Should you call references before hiring a new stylist?
The biggest mistake that salon owners make in the hiring process are NOT checking the references of a potential hire.
Finding the right people to fill your roles is the single biggest challenge in the beauty industry today, You can't decide to grow into a multi-location business without having people in the correct parts who have the skills needed to succeed in their roles. It isn't uncommon for a salon owner to decide to hire a hairstylist for a management position to help grow their business who only has experience behind the chair and no actual business experience.
It is also commonplace for a stylist who is applying for a management position who has a resume that says they have the experience necessary to fill the role but have embellished their resume.
Remember, a resume is always a record of embellished accomplishments with all the low points removed. A resume is an Instagram filter for their professional career. We have to get past those filters to find out who the person is, and if they fit into our salons in the roles we need, and we need someone to thrive in those roles.
When you have a position that will be responsible for the growth of your salon, which every position is, even down to the mail tech, you must be extremely diligent in your hiring process. Remember, if you want to grow your business, you have to have A level employees, the only way to make sure you have A level employees and not a salon full of B and C employees who will hold you back is by checking the references.
So now we understand that checking references is a vital part of the hiring process, how do we get references?
Typically, references are included at the end of a resume, and the ones that are included are the people closest to the person applying for the position. These are not often the references you want to check.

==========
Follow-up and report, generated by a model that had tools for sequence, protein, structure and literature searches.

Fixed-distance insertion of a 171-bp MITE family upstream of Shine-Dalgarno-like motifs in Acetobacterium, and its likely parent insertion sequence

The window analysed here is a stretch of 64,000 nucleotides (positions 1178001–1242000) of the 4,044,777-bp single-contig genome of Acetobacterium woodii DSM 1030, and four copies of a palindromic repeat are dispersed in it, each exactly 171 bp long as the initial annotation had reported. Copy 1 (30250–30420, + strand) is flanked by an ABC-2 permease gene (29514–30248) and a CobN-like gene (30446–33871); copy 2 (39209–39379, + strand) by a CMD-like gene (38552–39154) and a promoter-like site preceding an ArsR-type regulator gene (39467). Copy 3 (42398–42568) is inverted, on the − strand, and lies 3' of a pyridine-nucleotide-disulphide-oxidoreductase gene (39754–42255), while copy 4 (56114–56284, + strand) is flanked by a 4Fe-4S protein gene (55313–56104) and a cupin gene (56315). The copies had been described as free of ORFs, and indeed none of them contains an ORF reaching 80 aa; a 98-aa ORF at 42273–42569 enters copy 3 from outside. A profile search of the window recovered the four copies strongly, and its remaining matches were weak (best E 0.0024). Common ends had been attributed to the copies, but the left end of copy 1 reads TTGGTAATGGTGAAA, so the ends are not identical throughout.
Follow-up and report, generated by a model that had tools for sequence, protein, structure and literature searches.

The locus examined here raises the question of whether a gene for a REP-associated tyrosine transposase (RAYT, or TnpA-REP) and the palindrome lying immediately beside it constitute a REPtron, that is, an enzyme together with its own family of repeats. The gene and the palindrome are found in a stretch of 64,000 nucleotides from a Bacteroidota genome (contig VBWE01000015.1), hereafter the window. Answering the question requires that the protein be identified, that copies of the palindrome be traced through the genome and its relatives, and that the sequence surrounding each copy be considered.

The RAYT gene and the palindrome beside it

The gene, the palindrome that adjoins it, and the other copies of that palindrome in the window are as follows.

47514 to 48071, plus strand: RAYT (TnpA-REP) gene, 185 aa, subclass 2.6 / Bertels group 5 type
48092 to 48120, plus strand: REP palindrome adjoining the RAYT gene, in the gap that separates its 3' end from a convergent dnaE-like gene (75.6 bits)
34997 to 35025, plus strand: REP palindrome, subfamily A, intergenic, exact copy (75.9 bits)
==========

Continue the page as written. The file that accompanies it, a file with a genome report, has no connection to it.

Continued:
When I am performing targeted hiring and interviews for a client, during the second interview, I ask for references, and this is precisely how I do so.
I ask them about their last three bosses. I ask what that boss will say about your performance when I talk to them? What will that boss say your strengths were, what will that boss say your weaknesses were? I ask them about what their coworkers would say about their strengths and weaknesses as well. I do it in this manner, so the potential hire understands that I will be calling these people, so they have to be honest about everything, or they will not move forward in the process. After they let me know, and I have written their responses down, I ask them to contact those people to set up a phone call with me to discuss their employment. I give them a 3-day window with specific times, often between 1-6 pm, to set up a call for me and to email me the times of the calls. For the references, I ask for all bosses and for two coworkers from each salon they worked at. Typically, I contact 9-12 references per interviewed hairstylist, and so should you. Every reference and the information that reference gives gets documented on the scorecard that gets presented to the employer as well as their interview grade and the potential hires' ability, knowledge, and drive to impressively do the job they are applying for.
As you can see, this in-depth interview may take extra time to correctly do, but, it is going to filter out all of the B, C, and worse hairdressers so that your salon is only filled with the best talent possible. Consider this extra work as a time investment that will pay HUGE dividends for your business in the future.
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